A crisis or argument can be easily avoided by shifting perspectives and managing one’s feelings optimally, says Subha Parthasarathy
Some years ago, when my son was five years old, he came back from school with his report card and said, “Mummy, are you happy? I got good marks!” What he said hit me like a ton of bricks. I was stumped and did not know what to say.
Introspection led to a lot of uncomfortable questions. Does my happiness depend on his performance, on what he did or did not do? Am I not happy to just have him here with me?
We have all gone through such experiences, where we put the responsibility of our feelings on the situation around us (for example, I get annoyed with long queues which causes me to lose my temper) or people putting the responsibility of their feelings on us, (“what you said hurt me.”) or blaming outcomes (“I feel sad because you lost your match so badly.”).
What is happening here? We seem to be putting the responsibility of what we feel on what is happening to us or the situation around us.
Recently, I came back home after a long, tiring day to find that my husband had been in the kitchen to make himself a meal and the whole place was a mess. I was angry and this led to an exchange of harsh words. I was already tired and he was adding fuel to the fire
by adding to my workload. My response seemed fair enough.
On another occasion, I had a great day at the office and I came home and found the same mess in the kitchen. The situation was similar. But instead, I told him,“Thanks for helping out in the kitchen. Let me help you clean up the kitchen.”
The situation was the same but my response was different on the two occasions. Though I was looking for an excuse for my response, it was in my control in both the situations. It was my state of mind which engineered the response.
I realised that, in most situations, I was in control of what I feel. The awareness that I am in control of my feelings (and it was not dependent on the situation or people around me) made me realise that I am open to looking at options to manage my feelings.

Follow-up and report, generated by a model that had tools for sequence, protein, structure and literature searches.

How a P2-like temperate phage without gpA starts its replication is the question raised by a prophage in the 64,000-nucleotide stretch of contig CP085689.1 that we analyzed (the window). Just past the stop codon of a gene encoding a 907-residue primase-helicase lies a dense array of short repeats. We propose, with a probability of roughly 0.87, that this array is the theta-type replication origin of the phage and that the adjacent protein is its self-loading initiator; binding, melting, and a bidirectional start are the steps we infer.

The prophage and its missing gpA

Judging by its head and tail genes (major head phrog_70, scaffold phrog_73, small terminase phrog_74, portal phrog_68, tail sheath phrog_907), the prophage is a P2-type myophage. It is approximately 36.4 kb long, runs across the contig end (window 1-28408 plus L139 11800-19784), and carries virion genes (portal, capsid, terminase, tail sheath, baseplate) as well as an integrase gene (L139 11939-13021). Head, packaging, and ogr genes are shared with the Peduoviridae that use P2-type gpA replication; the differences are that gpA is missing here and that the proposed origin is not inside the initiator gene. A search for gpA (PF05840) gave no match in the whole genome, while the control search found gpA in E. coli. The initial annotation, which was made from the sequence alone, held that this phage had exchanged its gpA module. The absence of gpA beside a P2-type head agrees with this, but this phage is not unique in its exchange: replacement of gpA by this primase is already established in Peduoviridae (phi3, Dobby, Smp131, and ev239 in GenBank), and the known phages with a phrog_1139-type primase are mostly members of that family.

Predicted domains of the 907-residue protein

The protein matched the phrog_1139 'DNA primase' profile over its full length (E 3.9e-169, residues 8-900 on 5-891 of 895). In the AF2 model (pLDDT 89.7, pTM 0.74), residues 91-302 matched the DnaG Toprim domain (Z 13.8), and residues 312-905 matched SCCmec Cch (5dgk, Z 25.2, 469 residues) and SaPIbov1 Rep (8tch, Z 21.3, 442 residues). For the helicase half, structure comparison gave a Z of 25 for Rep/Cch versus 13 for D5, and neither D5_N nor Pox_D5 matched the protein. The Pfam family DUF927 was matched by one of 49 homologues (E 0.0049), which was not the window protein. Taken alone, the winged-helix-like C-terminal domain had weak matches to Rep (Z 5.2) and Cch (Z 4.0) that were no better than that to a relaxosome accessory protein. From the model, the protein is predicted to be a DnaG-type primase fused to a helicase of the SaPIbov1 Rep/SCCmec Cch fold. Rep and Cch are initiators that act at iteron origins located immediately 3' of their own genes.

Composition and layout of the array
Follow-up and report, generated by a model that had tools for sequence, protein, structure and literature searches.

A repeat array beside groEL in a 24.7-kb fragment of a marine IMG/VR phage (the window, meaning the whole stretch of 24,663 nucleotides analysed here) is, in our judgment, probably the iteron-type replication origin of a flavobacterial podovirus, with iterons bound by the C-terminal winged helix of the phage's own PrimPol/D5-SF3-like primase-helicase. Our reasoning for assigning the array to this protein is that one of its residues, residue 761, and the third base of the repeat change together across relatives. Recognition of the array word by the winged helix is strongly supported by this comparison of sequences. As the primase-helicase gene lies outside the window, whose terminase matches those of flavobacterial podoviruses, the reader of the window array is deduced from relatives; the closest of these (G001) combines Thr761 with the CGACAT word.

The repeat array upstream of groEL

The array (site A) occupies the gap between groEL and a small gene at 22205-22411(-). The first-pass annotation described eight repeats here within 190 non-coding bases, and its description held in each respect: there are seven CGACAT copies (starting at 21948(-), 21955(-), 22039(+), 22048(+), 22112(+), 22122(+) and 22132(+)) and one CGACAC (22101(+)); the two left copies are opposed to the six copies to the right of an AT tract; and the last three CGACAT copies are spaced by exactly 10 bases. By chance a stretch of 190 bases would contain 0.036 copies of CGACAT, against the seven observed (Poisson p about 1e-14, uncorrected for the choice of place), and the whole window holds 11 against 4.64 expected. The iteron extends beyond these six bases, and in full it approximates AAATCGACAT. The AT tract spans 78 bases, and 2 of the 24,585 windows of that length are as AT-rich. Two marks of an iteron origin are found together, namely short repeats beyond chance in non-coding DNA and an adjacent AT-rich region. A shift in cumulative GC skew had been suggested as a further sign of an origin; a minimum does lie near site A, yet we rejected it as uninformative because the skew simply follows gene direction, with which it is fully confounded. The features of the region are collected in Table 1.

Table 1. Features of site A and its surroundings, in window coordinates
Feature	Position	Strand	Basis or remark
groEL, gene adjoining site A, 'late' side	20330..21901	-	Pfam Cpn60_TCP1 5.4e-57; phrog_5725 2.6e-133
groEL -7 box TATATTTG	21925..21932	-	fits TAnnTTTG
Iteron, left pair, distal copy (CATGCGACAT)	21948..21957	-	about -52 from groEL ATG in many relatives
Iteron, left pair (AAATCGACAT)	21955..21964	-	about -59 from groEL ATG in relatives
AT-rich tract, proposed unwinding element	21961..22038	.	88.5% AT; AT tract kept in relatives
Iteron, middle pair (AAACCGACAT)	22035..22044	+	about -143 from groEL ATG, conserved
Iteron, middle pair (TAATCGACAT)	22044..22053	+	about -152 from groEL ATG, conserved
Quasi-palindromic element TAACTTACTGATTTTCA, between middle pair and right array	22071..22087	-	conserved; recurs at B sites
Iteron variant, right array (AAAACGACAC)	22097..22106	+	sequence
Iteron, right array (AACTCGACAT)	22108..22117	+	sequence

My son is 12 years old now. His response to a test result is distinctly different from earlier. When he comes and tells me, “I am thrilled with my marks”, I know that his happiness is not dependent on how I feel.
Alright, now that I know I am in control, how can I respond in certain other situations where I feel something and I want to express it? Let’s take a few examples and see what happens when I change my response:
nOld (blaming) response: “I am angry because you are not listening to me.”
Response with ownership: “I am feeling frustrated. I want your attention.”
nOld (blaming) response: “You disappointed me. You have made mummy sad”.
Response with ownership: “I am feeling sad.”
n Old (blaming) response: “You hurt me.”
Response with ownership: “I am feeling hurt. I expected you not refuse to do what I asked you to do.”
A response with ownership does the following:
nHelps me express my feelings and expectations
nI do not blame or pass judgement on the other person
nEnables me to take responsibility for my thoughts and feelings
nProvides me the vocabulary to express my feelings
The other day, my daughter brought her friends over for play and by the time the children had left, the whole room was a mess, with all the toys lying around the room. I was ready to tell her how much it upsets me when she does not listen to me. But the thought that I was giving away my control stopped me.
The realisation that I was irritated because I wanted the room to be in a certain way took away the focus from my daughter. I told her that I was feeling irritated as I expected the toys to be back in the shelves. She was willing to do it and as we both cleared up the place together smiling and singing, I felt happy for having made this choice as I enjoyed the time we spent together. Apart from helping me, it helps the child to become aware of her feelings and provides an opportunity for her to develop the vocabulary .
I have come to the conclusion that in any situation, when I am expressing a feeling, if I take out time to pay attention to my feeling, take responsibility for those feelings and then express it with my need or expectations, it not only helps me to have choices, it also helps to make my communication more effective.